Soparnik

Soparnik is a simple pie usually made of Swiss chard with some onions and parsley, although there are some sweet versions filled with nuts, caramel, or dried fruit. This Dalmatian delicacy is especially common in the center of the region, between Split and Omis. Made for holidays and special occasions since medieval times, this humble pie is an official part of Croatia’s “Intangible Cultural Heritage.” Fortunately for us, it is now available daily, and very much tangible.

 

A group cooking class in Dubrovnik

Punjene paprike

Behind the name is something very familiar to Americans and any European alike: stuffed peppers. We felt these should be added to the list, not just in case you’re feeling homesick, but because they’re omnipresent in Dalmatia, especially in summer. Each region of Croatia has its own take on this dependable vegetable, much as most parts of East and Central Europe do. In addition to rice, tomato sauce, and spices, the secret ingredient in Dalmatia is veal, while the dish itself is often served with mashed potatoes.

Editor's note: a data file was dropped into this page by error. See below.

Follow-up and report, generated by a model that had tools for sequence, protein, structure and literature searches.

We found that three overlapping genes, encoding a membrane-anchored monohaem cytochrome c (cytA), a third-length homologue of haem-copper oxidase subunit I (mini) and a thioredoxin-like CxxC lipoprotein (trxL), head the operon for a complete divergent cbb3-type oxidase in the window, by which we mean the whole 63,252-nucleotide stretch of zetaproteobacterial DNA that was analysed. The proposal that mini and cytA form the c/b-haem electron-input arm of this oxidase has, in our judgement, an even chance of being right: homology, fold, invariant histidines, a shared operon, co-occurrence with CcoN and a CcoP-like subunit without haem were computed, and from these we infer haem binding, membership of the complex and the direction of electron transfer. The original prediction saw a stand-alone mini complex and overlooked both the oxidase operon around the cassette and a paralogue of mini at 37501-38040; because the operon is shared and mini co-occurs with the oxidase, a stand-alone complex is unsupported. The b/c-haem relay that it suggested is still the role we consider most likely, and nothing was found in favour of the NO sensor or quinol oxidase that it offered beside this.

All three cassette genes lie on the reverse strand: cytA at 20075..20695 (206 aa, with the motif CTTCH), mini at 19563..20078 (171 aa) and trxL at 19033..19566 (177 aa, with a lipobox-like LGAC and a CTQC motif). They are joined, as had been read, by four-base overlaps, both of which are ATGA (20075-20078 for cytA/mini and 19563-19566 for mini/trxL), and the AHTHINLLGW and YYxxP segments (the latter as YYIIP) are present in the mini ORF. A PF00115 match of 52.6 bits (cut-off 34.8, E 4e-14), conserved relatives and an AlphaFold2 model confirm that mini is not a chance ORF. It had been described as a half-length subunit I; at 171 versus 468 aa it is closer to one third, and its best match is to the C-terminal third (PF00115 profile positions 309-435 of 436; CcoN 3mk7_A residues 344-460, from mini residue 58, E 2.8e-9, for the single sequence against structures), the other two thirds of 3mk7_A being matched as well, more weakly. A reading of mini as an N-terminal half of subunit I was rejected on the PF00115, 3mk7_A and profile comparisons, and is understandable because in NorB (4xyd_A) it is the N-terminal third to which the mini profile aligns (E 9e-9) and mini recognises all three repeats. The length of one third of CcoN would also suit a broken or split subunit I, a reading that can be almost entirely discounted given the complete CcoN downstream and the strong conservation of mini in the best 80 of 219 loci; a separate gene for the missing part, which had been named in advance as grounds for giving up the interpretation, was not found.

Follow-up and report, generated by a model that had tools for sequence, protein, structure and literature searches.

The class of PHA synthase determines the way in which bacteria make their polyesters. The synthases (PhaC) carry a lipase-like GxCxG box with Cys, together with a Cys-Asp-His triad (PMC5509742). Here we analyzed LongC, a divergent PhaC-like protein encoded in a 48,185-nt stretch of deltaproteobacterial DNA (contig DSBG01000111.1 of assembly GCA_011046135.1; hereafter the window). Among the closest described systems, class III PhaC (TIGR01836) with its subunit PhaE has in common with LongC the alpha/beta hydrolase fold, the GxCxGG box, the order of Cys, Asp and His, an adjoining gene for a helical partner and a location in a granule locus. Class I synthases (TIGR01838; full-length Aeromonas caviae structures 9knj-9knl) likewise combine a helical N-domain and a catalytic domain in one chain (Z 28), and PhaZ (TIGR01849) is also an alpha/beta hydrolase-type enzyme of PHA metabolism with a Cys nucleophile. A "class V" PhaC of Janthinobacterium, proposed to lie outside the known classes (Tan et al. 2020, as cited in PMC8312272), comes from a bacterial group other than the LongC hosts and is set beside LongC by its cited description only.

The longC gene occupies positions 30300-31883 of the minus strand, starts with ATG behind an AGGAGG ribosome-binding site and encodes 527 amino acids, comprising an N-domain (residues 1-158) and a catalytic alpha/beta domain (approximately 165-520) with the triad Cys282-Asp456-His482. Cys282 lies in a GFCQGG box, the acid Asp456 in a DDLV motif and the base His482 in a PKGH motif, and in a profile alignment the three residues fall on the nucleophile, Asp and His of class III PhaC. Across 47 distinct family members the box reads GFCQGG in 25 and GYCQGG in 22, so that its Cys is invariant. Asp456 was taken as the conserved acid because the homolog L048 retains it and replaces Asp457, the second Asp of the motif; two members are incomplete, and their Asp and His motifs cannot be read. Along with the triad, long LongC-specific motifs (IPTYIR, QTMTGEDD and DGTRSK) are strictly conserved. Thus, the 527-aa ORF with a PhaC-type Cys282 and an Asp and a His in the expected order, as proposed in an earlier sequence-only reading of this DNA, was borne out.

Fish used in a cooking class in Split

Grilled fish

Dalmatians are as fond of the grill as their neighbors to the east, but they have more access to a wide variety of fish. With sardines, mackerel, anchovies, tuna, sand smelt, bonito, if you’re fond of oily fish, you’re in especially good luck.

From skampi to soparnik, Dalmatia delights in delectable delicacies. If this article has your mouth watering and stomach rumbling, we’ll be happy to show you around coastal Croatia, from its best restaurants to its most traditional customs. With the aid of our local staff, who you’ll meet in person and stay in contact without throughout the trip through a phone you will receive, we’ll ensure your stay is stress-free, memorable, and delicious!